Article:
Pruning gardeners' favourite

Pruning gardeners' favourite

By Lidia Boque Gousgouni
06 Dec 2017

Visit any well-stocked nursery at this time of the year and you will discover a seemingly endless choice of the gardeners’ favourite – the tomato. They come in just about every colour from white to purple and striped, every size from cherry to beefsteak, and many cultivars from heirloom to hybrid. But all tomatoes fit into one of two growth habits; determinate or indeterminate.

Determinate: These are also referred to as ‘bush’ tomatoes. Examples are Ballerina, Roma, Burnley Gem and First Prize. They will grow to about one meter and set fruit which will ripen around the same time – usually within a couple of weeks. This variety requires minimal staking as it forms quite a compact growth habit. This makes determinate varieties perfect for baskets, pots or containers for patios or balconies. As all the fruit is available for harvesting at the same time, this variety is a great choice if you plan to make sauces, salsas or soups where large quantities of fruit are needed.

Indeterminate: These are also referred to as ‘vining’ tomatoes and will grow to two to three meters and more. These tomatoes produce an abundance of fruit throughout the season until the frosts come. They require substantial staking, training or caging and examples are most Cherry and heirloom varieties. These varieties are ideal for salads as they can be harvested and enjoyed over a long period of time.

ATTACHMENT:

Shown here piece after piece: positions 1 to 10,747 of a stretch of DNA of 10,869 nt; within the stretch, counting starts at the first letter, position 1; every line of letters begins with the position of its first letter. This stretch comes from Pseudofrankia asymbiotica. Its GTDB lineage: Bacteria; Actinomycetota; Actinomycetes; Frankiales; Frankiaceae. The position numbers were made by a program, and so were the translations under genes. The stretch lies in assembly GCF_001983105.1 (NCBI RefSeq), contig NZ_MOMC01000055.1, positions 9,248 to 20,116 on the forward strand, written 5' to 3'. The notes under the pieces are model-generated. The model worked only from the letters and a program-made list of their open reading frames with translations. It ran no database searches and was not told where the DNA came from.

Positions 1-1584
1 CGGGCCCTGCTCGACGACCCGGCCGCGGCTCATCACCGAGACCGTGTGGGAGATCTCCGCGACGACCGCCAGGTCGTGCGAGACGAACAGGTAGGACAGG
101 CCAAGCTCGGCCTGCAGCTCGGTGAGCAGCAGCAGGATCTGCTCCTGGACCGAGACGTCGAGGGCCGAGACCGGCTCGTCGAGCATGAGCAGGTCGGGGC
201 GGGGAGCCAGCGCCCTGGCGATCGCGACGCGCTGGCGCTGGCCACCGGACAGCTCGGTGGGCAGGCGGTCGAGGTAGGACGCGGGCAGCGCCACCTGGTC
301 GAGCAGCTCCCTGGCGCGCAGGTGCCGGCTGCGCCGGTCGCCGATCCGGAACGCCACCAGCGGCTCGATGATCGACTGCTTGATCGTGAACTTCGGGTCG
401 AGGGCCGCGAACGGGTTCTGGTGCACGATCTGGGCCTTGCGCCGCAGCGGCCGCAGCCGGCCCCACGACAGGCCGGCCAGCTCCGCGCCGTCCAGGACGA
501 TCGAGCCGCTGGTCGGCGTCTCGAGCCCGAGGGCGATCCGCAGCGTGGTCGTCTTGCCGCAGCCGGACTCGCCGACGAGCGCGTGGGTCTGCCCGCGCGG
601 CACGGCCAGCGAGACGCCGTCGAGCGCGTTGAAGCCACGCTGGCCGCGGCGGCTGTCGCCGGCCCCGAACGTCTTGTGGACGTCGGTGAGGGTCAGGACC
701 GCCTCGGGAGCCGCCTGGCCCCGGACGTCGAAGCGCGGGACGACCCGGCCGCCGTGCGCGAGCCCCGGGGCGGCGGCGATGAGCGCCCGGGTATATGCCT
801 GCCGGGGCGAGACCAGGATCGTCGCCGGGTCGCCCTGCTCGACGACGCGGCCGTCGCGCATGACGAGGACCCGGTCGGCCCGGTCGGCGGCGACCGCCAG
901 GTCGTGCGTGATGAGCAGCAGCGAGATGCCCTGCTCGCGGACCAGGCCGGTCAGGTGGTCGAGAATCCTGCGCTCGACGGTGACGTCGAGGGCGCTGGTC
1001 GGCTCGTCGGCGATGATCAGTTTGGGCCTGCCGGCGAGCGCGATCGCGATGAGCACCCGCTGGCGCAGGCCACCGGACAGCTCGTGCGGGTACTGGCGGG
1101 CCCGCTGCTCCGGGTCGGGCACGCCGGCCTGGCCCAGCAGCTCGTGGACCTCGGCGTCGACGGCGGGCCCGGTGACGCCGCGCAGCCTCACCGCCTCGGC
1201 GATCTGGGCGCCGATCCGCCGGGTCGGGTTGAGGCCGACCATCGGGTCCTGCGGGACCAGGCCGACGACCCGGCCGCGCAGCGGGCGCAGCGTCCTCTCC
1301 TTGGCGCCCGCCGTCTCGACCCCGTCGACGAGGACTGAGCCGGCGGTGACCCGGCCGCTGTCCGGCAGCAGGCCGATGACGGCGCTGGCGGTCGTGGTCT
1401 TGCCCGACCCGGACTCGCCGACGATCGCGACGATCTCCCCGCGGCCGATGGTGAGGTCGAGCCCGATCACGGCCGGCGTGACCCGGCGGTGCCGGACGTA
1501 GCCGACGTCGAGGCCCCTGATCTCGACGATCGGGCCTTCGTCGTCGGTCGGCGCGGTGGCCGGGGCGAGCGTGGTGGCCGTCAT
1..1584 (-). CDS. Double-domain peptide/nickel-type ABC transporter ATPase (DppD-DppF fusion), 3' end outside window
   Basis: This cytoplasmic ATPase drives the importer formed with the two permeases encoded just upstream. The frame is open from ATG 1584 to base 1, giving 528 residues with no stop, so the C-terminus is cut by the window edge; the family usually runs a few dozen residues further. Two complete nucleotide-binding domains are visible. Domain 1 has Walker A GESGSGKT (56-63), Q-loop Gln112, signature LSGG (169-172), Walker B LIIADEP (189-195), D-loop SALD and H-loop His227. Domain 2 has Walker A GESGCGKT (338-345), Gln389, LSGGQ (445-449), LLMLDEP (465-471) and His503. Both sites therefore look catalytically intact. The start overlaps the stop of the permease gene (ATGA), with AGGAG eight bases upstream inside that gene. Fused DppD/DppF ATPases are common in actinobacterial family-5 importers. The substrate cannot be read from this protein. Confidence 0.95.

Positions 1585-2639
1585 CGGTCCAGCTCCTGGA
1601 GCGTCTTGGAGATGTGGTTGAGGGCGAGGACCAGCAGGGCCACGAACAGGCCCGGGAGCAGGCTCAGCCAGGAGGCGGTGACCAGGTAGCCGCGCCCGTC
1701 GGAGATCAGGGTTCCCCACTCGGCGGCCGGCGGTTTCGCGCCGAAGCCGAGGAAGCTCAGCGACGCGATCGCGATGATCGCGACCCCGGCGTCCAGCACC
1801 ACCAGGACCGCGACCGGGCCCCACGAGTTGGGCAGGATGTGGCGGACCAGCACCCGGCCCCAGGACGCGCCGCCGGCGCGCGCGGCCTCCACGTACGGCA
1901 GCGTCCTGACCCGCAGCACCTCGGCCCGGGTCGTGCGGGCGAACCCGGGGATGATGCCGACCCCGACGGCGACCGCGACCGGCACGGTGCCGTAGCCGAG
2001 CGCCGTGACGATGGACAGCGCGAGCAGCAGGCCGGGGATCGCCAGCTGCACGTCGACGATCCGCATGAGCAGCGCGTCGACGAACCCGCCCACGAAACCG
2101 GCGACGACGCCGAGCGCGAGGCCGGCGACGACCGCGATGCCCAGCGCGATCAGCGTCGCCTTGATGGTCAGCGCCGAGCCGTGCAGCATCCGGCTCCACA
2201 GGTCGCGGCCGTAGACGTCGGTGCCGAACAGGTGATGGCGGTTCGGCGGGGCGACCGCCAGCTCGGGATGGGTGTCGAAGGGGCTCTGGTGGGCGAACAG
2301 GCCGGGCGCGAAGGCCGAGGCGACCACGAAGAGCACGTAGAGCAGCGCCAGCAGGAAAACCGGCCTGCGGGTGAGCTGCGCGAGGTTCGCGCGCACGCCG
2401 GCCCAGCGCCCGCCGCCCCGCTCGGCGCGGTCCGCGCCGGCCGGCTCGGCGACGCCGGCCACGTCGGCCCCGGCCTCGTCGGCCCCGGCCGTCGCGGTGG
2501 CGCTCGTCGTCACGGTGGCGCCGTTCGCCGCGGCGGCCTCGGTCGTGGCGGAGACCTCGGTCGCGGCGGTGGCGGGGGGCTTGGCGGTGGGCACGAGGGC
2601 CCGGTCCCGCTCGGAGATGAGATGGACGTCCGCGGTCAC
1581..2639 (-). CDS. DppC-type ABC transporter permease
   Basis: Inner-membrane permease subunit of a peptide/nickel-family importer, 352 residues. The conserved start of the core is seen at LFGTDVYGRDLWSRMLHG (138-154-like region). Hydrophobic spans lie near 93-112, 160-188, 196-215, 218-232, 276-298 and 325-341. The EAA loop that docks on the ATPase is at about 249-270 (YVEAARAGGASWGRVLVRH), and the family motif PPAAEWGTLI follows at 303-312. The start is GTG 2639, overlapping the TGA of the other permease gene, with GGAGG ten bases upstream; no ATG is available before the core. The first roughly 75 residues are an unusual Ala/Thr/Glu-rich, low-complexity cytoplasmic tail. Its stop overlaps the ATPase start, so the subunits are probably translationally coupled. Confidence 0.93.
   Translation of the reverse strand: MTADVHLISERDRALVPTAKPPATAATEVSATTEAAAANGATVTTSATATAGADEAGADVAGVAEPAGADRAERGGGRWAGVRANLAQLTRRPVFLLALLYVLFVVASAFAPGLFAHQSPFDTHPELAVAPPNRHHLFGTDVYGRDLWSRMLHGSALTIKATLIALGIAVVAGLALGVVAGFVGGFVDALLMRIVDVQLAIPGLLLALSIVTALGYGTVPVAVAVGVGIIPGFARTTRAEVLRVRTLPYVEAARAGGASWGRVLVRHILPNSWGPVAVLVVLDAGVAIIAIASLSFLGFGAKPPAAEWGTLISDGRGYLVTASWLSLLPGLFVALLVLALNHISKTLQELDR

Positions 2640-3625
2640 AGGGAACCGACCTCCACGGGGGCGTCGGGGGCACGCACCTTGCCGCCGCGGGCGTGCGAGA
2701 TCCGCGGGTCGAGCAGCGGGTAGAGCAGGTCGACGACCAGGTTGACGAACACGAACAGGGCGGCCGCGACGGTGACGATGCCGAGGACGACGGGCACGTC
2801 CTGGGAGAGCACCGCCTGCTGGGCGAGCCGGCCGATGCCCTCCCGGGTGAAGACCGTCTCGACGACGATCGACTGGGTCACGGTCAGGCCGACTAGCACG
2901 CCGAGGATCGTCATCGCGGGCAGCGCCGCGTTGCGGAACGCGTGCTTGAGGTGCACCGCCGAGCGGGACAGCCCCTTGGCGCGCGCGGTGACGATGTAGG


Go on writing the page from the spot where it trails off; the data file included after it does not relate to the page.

Maximising your crop means pruning, but only prune the indeterminate varieties. These varieties naturally produce more leaves and flowers throughout the season unlike the determinates. Pruning determinate tomatoes will reduce your harvest.

Pruning indeterminates is easier to do on tomatoes that have been trained or staked as you are able to inspect the growth easily. Firstly, inspect the leaves and remove any that touch or are close to the ground – they act as a pathway for pests and disease.

Next – consider thinning out dense foliage. All plants need sunlight to create energy and tomatoes need an abundance of light to thrive. If the plant is using more energy than it’s producing the leaves may turn yellow and drop.  So, trim off leaves that shade or crowd other leaves, just don’t be too zealous.

Finally, once the tomato has flowers, inspect the plant for suckers and remove them with clean secateurs. Suckers can be found growing in the axis between the main stem and the branch. They will eventually grow leaves, flowers and fruit but will compete for nutrients from the main plant resulting in smaller fruit.  If your plant is healthy a few suckers may improve the yield – and as a bonus, any suckers removed can be used as cuttings and grown into new plants.

Diary – If you’ve been thinking about studying horticulture – Wodonga TAFE has Certificate III in Horticulture timetabled to begin at the end of February 2018.  Why not call into Wodonga TAFE’s horticulture department in University Drive, Wodonga and pick up a timetable for 2018.

Photo – You can clearly see the strong growth in the axil of the leaf and stem (growth being held). These are the growths that should be removed on indeterminate tomato plants.

Written by

Jill Owen  (Certificate III in Horticulture student)


By Jill Owen  (Certificate III in Horticulture student)